ConnectionCallback callback) {
        this.target = target;
        this.callback = callback;
    }

    public Connection getTarget() {
        return target;
    }

    public ConnectionCallback getCallback() {
        return callback;
    }

    @Override
    public Statement createStatement() 
        throws SQLException {
        return target.createStatement();
    }
    
    @Override
    public void close() 
        throws SQLException {
        callback.close();
        target.close();
    }
    
    /**
     *  More methods omitted for brevity sake
     */

    public void setSchema(String schema) 
        throws SQLException {
        ReflectionUtils.invoke(
            target,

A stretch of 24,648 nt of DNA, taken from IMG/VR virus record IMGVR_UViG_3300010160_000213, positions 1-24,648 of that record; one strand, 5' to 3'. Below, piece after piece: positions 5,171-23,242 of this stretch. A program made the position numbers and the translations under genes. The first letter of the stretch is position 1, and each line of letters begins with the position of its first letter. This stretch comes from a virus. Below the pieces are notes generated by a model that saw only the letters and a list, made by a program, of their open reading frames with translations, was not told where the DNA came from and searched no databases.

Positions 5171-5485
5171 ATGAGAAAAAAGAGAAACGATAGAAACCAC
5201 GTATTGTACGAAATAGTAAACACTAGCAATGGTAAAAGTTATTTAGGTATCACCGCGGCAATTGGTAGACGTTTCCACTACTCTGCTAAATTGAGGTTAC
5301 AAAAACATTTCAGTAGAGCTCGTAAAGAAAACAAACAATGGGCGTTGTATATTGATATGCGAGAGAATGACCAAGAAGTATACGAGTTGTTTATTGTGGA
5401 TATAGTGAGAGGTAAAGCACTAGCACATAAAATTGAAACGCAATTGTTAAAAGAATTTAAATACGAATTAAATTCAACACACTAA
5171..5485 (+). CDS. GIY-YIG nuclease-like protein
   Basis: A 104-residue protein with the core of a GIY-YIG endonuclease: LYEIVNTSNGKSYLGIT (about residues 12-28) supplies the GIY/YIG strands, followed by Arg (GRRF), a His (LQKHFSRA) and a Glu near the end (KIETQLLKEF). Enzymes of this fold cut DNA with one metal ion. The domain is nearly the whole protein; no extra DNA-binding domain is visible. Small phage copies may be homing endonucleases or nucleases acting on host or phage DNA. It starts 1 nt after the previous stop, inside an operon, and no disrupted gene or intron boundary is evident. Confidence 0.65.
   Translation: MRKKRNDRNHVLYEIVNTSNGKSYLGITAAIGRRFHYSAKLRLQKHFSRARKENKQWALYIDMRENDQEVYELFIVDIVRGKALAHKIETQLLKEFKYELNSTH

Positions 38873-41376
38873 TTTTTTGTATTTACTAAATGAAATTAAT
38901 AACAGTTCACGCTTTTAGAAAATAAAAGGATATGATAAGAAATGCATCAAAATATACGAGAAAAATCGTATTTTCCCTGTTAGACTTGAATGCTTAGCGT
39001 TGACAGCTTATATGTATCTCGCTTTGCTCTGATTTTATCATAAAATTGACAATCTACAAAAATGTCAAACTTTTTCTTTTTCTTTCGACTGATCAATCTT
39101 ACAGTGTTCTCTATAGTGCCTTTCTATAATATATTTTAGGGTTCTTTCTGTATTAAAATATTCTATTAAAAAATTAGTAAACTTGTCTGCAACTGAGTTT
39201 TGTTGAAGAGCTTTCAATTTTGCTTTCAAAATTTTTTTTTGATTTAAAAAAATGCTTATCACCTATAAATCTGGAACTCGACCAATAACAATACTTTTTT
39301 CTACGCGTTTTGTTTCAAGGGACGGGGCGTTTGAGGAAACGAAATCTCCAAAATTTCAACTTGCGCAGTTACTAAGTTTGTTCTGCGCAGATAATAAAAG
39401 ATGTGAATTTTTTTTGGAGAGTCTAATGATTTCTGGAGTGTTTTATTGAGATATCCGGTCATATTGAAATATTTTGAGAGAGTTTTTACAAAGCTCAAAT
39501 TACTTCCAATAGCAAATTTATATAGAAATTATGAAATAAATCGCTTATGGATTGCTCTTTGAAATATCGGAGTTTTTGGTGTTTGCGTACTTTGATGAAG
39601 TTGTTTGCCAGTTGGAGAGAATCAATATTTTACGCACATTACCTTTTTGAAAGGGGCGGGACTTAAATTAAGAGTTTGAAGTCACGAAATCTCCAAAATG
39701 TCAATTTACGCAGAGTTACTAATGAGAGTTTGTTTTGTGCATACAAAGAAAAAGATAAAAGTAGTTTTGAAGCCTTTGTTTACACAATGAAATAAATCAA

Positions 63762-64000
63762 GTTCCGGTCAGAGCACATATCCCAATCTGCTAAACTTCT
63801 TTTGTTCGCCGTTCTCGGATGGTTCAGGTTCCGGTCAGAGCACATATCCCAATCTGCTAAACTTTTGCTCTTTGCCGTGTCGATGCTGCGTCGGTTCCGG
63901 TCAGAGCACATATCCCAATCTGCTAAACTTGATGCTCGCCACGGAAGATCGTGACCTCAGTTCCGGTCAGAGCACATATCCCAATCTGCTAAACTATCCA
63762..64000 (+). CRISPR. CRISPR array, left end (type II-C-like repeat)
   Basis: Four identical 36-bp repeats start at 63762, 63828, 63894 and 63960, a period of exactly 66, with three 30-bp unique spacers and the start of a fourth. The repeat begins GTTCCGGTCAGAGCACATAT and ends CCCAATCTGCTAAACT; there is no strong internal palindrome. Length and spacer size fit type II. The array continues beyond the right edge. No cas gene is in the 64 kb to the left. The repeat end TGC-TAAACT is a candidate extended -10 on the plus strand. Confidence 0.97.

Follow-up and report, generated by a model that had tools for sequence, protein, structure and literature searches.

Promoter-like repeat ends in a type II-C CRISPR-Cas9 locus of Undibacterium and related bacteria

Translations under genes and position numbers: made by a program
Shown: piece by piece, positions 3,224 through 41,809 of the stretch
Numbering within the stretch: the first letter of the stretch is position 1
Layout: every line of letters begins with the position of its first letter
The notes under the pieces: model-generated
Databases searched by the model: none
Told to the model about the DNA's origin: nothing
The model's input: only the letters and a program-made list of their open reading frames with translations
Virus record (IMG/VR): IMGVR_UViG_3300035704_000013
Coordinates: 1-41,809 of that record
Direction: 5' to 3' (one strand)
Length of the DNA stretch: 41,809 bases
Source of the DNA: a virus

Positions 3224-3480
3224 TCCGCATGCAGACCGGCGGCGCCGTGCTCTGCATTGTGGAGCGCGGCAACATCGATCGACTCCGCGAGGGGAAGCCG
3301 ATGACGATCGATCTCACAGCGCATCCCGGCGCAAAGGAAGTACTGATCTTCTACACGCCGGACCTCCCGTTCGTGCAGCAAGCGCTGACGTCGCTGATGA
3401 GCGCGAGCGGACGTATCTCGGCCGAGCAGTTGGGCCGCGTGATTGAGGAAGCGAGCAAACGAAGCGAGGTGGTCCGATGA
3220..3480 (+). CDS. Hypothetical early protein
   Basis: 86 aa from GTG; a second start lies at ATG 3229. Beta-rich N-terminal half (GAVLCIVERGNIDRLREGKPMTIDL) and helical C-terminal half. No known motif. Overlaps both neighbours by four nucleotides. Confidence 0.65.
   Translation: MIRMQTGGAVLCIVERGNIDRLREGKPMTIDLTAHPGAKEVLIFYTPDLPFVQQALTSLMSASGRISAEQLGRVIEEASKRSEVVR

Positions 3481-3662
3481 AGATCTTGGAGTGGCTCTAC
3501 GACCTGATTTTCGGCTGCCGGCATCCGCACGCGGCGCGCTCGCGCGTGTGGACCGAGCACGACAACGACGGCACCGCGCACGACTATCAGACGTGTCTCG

ReflectionUtils.getMethod(
                target, 
                "setSchema", 
                String.class
            ),
            schema
        );
    }

    public String getSchema() 
        throws SQLException {
        return ReflectionUtils.invoke(
            target,
            ReflectionUtils.getMethod(
                target, 
                "getSchema"
            )
        );
    }

    public void abort(Executor executor) 
        throws SQLException {
        ReflectionUtils.invoke(
            target,
            ReflectionUtils.getMethod(
                target, 
                "abort", 
                Executor.class
            ),
            executor
        );
    }

    public void setNetworkTimeout(
        Executor executor, 
        int milliseconds) 
        throws SQLException {
        ReflectionUtils.invoke(
            target,
            ReflectionUtils.getMethod(
                target, 
                "setNetworkTimeout",